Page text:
5 Ways to Survive Father's Day When You Don't Have a Dad

This will be my second Father's Day since my dad died. We'd been estranged for over two years when he had a stroke and brain haemorrhage, meaning that it's actually five years since I last celebrated Father's Day with him. Along with his birthday and the day he died, tomorrow is one of the days when I'll think about him most - which is a very mixed-up feeling, as you'll understand if you read this Guardian article I wrote.

If you're dreading tomorrow, here are five ways to survive Father's Day when you don't have a dad.

1. Stay Off Social Media (and Media in General)

Social media will feature endless streams of moving, emotive posts about how much your friends love their dads - and newspapers and magazines will run features about Father's Day. If this is likely to make you feel melancholy, close your laptop, turn off your phone and go offline instead. Use the quiet time to meditate, practise yoga, go swimming or do another activity that doesn't involve being online.

2. Treat Yourself to a Lovely Day

Be kind to yourself and schedule a day full of treats. Maybe that means pancakes with maple syrup and a chocolate milkshake at your favourite cafe, or shopping for something you've wanted for ages. Perhaps you could get a haircut, have a massage, visit a part of town you've been meaning to explore, or even take a day trip to the seaside and walk along the beach.

3. Hang Out with Friends Who Are in the Same Situation

About half of my friends have no dad either, and sometimes it helps to socialise with people who are in the same predicament. Kick back with a few beers (or lemonades, my fellow non-drinkers) and have a catch-up. Maybe play a game of table tennis, or tennis, or pool. The weather's meant to be nice, so you probably won't get rained on.

4. Immerse Yourself in Escapism

One way I like to handle life's difficult days is by writing fiction. It allows me to escape to a more imaginative part of my brain, and enter a world where things are completely different. Or perhaps you'd rather tune into other people's creativity instead, and relax with a great novel, film or Netflix series. Even better, take yourself to the movies and enjoy a more immersive experience.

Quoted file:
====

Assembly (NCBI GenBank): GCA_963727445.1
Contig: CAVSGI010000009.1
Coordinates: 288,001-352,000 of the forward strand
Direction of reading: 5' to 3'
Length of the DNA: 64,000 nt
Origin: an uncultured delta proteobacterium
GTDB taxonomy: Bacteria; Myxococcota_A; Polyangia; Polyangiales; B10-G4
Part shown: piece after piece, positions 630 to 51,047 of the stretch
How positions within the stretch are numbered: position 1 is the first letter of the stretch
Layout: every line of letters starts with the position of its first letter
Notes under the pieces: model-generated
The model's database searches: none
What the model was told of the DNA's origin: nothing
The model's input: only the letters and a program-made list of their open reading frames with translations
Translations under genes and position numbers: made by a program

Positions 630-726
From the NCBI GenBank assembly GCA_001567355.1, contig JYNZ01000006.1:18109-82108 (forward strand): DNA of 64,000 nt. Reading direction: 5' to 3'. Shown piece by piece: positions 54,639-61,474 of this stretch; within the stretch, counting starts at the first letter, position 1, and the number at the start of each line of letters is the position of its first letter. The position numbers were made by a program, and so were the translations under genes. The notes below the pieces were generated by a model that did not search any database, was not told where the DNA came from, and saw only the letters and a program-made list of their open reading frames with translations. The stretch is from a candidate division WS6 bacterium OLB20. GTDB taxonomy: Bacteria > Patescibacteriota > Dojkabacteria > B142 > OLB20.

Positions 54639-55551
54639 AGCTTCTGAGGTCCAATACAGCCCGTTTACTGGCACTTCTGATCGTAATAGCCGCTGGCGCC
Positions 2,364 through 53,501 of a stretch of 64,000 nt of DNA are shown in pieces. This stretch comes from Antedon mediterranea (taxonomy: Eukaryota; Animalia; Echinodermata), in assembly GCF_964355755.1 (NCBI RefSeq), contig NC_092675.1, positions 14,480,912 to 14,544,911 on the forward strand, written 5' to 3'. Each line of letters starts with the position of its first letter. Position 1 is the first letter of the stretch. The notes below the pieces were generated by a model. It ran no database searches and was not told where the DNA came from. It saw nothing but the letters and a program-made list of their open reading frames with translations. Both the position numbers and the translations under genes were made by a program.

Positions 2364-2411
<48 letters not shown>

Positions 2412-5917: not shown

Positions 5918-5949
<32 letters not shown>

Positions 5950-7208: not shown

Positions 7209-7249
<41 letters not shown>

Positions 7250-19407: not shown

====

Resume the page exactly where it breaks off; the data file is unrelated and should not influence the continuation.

5. Remember That It's Just One Day

Tomorrow won't last forever. Remember that it's just one day out of life, and it's yours - a unit of time to use however you choose. It's an arbitrary date that only has the meaning you give it. That doesn't mean your feelings about it aren't valid - but it's comforting to know that they'll probably be gone the day after, and that people will stop talking about Father's Day.

Whatever you decide to do, I hope you have a day full of peace.


  1. Never thought about that. For orphans it's like Valentine's Day for single people. Or Valentine's Day for everyone come to think of it. Thankfully as a father I'll never completely face that problem. And hopefully I'll be old and decrepit and a grandfather already when I leave this world so my son won't have to endure that either. He'll just enjoy the day with his own kids. Touch wood.

    Maybe you can find solace remembering the happy times with your dad and knowing you made two men fathers by 1)being born and 2)being a mummy. If you have a child again which I understand is your goal you'll make somebody else a father.

    1. That’s a wonderful way to think about it. Thank you - I’ll remember that.

  2. I just try to forget about it. I forgot about it once when my dad was still alive! I still feel bad about that.

    1. Oh no! Don’t feel bad about it. It’s easily done.

  3. According to Wikipedia (so it must be true) “Prior to the People's Republic, when the Republic of China (1912-1949) governed from Nanjing, Father's Day was celebrated on August 8. This was determined by the fact that the eighth (ba) day of the eighth (ba) month makes two "eights" (八八, ba-ba), which sounds similar to the colloquial word for "daddy" (ba-ba,爸爸).”

    So think sheep.


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